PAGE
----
- Nick 8)

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Re: The New Generation of Small Boat Anchors

Postby Arghiro » Thu Feb 24, 2011 12:17 pm

Trying to set an anchor when drifting at 5kts is plain daft - and really dangerous for anyone trying to handle the chain. Even with an electric windlass (who uses that sort of gismo on small sailly boats?) the risk to losing or breaking the gear is high.

If winds are that strong I would look to find a safe harbour. If none handy, then I would use the engine to manage the drift. I anchor in strong tide areas where drift & current together can create problems, but fast deployment of already flaked chain together with sensible use of engine to reduce drift means that I keep my fingers & my CQR sets nicely.

Maybe a Rocna or some other over priced, fancy gadget will be better than my CQR, but I still haven't had a situation that warrants the cost for me to find out for mayself. long may it be so.

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Re: The New Generation of Small Boat Anchors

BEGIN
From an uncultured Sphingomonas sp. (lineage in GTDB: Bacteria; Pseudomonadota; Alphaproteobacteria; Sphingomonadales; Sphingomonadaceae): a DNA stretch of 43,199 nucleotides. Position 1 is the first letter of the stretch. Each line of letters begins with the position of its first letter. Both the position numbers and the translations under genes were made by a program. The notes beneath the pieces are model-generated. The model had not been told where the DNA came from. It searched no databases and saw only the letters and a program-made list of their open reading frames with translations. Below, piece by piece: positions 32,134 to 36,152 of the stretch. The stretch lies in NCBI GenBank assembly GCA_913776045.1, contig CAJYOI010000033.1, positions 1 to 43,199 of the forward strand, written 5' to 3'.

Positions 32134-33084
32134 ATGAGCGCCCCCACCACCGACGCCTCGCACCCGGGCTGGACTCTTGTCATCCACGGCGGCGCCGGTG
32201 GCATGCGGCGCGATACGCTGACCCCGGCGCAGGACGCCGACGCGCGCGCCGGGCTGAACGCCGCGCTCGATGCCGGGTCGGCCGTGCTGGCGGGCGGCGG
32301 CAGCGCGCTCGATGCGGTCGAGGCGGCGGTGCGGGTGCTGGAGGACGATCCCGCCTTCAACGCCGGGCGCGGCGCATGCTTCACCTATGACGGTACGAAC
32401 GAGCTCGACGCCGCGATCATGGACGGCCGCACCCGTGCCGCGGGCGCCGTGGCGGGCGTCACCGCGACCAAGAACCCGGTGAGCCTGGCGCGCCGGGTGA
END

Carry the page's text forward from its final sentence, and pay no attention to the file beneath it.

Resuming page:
Postby Mark » Thu Feb 24, 2011 12:38 pm

Nick wrote:Generally the Spade is very good at digging in in these conditions, and I imagine the Rocna is as well.


We're all adults. I suspect none of us have lost a boat due to a dragging anchor yet. Let's leave it at that. :)

Nick wrote:(I have been on board a friends' Twister in Canna when his CQR appeared to drag after holding for a day and a half in a F7, but In suspect it was the kelp the anchor was hooked round finally giving way rather than the anchor pulling out of the sand)


That's an excuse for my salty Canna story.

I've only been to Canna once and that was in a good F7. We found Martin Lawrence in there. We were rather chuffed because he'd decided it was too windy that day to do Canna->Kyle Loch Alsh, whereas we'd come close hauled all the way from Barra. (We were soaked and he was comfy but I bet both our grins had been bigger all day.)

Our fisherman got straight through the weed and held fine, or maybe it wasn't set and the chain held us. Or maybe it was held by a weed root or hooked on a rock - we'll never know. A magical day and night, though.